What would you do if there was a major economic crisis in your market niche? We’re talking a major downturn. A recession. Are you recession-proof? Could you do what had to be done to ensure your company survived? And if you did manage to hold onto your business without claiming bankruptcy or selling out, would you then be able to pivot it so it not only survived but thrived in the rebuilding economy?
We’re not saying you need to know how to do this today. But we are suggesting you may want to do this sooner than later because changes happen quickly. If you’re not prepared, you may be surprised just how hard it is to turn your business around.
This is your opportunity to take a critical look at your business which delineates the areas you need to work on right away and decide the measures you’re willing to take to keep your company should something go awry. Learn about your industry so you can better pivot or grow your company to better service its niche. Learn about employee engagement and satisfaction so your people are as productive and loyal as possible.
There are many things about your business you don’t know well enough to survive a major change in operations. While you can’t know everything, you should know a bit about everything. It’s really hard to make a growth plan when you don’t know what a CFO does or how your marketing manager helps you increase sales. Learn enough that you can understand their needs and results; you don’t have to run their department — unless you’re interested in that kind of thing.
One of the best ways to learn about your company is by doing due diligence. Through the information finding alone you’ll get the chance to check in with multiple departments and people, thereby figuring out a little more about the inner-workings of your company. Take the opportunity to learn more about their roles and how each functions within the greater picture. Listen to their complaints and invite feedback — if you’re not going through a stressful time or crisis already, now’s the time to dive into these concerns and grow your company.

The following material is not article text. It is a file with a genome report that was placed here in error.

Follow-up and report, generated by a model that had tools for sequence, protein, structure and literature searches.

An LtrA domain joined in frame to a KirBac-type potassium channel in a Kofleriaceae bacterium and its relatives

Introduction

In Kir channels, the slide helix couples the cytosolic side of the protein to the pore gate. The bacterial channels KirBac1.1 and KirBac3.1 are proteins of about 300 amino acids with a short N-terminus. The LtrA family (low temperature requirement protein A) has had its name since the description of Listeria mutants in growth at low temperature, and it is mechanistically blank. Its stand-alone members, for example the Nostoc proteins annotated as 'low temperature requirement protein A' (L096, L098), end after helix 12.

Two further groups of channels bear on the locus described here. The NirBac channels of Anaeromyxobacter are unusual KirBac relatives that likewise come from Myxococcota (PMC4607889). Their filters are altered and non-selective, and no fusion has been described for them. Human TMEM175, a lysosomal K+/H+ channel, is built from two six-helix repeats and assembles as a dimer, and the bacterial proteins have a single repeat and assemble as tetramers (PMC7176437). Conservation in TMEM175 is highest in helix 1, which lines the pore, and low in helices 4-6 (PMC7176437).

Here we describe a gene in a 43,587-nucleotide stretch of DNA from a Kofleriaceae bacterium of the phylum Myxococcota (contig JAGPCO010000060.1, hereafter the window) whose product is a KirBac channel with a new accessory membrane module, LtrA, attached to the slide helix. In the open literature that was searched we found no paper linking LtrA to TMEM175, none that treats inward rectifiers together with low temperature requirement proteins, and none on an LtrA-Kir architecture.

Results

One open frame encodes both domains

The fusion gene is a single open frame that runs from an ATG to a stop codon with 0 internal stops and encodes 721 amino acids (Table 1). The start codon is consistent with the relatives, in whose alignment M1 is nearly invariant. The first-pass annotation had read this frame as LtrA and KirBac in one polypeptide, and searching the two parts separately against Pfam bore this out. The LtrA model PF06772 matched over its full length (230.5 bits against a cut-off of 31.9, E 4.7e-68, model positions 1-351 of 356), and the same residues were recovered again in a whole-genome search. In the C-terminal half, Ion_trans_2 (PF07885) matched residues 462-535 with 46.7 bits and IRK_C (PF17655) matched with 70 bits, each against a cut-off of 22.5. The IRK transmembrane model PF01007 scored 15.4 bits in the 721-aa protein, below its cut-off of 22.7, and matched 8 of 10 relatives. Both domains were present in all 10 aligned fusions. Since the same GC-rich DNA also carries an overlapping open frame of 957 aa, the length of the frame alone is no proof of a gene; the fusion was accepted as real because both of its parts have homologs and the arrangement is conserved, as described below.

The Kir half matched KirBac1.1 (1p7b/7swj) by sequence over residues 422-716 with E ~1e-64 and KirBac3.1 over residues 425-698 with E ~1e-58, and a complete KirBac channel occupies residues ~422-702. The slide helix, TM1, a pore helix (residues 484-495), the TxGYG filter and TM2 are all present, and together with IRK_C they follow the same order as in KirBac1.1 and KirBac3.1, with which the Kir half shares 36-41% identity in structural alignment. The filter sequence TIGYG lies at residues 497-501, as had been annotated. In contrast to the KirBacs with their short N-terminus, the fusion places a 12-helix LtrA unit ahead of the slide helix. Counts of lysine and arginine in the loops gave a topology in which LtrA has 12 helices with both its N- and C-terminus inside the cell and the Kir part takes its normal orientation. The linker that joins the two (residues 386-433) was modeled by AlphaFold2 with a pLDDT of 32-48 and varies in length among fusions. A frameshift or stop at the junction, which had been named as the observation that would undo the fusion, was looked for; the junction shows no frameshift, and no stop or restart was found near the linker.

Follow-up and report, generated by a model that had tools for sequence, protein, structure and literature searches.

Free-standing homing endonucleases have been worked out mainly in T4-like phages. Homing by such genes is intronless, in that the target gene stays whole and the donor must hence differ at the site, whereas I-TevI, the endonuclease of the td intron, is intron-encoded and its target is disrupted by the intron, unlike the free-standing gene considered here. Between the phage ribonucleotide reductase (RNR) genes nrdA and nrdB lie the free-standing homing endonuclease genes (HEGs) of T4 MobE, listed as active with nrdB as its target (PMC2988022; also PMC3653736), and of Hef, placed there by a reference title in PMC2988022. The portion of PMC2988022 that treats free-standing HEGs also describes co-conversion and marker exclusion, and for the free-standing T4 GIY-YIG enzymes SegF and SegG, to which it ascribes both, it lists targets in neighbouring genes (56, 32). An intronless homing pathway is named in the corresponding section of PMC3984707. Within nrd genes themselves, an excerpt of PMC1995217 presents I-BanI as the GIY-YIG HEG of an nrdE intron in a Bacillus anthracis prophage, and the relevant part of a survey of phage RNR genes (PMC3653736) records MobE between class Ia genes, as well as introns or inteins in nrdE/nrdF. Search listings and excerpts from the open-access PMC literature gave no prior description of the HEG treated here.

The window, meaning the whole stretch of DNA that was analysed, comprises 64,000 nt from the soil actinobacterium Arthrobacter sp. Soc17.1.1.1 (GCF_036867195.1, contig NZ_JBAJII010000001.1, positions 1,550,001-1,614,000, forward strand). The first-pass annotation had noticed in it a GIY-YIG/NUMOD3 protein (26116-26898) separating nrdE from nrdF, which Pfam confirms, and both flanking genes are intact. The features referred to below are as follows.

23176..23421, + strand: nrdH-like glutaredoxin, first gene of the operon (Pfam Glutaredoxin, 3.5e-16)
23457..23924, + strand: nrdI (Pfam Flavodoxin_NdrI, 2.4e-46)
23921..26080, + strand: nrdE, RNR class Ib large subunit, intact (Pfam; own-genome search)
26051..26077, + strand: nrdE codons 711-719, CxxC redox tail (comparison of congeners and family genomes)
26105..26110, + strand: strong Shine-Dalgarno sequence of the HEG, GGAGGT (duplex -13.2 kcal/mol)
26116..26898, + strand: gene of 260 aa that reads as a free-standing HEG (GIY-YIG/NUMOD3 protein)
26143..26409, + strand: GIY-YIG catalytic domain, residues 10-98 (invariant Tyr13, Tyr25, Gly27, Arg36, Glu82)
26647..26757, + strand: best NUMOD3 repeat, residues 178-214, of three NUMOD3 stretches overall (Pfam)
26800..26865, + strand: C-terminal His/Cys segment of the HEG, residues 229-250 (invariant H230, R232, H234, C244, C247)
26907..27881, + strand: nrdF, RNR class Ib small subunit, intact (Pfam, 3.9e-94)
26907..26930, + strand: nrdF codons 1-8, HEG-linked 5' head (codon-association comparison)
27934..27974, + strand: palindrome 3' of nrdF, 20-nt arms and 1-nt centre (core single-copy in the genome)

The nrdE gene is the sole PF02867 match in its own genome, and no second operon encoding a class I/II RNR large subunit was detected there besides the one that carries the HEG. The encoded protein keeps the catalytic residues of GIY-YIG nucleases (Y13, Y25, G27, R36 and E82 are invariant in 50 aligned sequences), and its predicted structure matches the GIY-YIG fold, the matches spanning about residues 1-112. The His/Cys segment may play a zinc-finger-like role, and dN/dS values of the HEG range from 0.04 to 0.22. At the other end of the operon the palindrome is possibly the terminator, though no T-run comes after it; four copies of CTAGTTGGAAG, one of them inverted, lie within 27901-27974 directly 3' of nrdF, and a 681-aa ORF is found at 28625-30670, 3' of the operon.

Straight on the heels of learning is planning. Not a surprise, right? But don’t forget: We’re not just talking about business planning; we’re talking about contingency planning. All those “What happens if…” questions. What happens if you got violently ill and needed to stop working immediately? What if everyone stopped using your services or products all at once? What if a material you need to construct your products suddenly became unavailable?
Plans should be based around the needs of the company and your needs. The stronger your business becomes by having its needs serviced in this way, the greater the likelihood your quality of life will increase as well. If, for example, your company needs to decrease its customer concentration and you successfully satisfy this need, you no longer have to worry about being an ongoing concern because you know you have these new contracts. Further to that, you’re a more attractive acquisition or a more stable business to pass onto your protégé.
After you’ve dealt with those immediate concerns, you really need to focus on those more theoretical issues that could cripple your business if they occurred. You know your market, you know where you want to take your business roughly and you’ve even done a risk assessment and are working towards resolving some of those concerns already. You are in a great position to play that ‘what if’ game we were talking about earlier. This time, you’re going to hypothesize as many potential resolutions as possible as well as their pros and cons. Keep this document and alter it when you review your business (whenever it is you’ve set that time aside to do this… and if you haven’t, you should start today and revisit it at least every year, though ideally you’d do it every quarter).
Now that you’ve done your research, learned more about your company and market, and gone through significant business planning — risk analysis, exit planning, etc. — it might be a good idea to take a step back to reflect on everything you’ve learned and done. Many entrepreneurs go on retreats centered around reflection and meditation, others simply take a few weeks off to go camping with the family. Whatever situation works best for you to think things through, take the time to do that.
You’ll re-align your business’ goals with your own, or you’ll discover they are now separate paths and it’s time for you to consider that exit plan you only just came up with. Perhaps you’ll decide your business needs to go in another path and, instead of selling, you’ll re-brand your business as something else entirely. Or maybe it’s time to expand the services you offer.
Whatever you discover when you reflect on your original intentions in opening the business, what you’ve discovered from this process and then also how your needs have changed will impact what you decide to do with your business now. The important thing is to stay abreast of changes in your business and yourself so you stay ahead of the curve and are never caught in a disadvantageous position in the sale of your business.
With all this in mind, what do you already know you’d do if a major crisis occurred? How would you soften the impact on your business and your employees?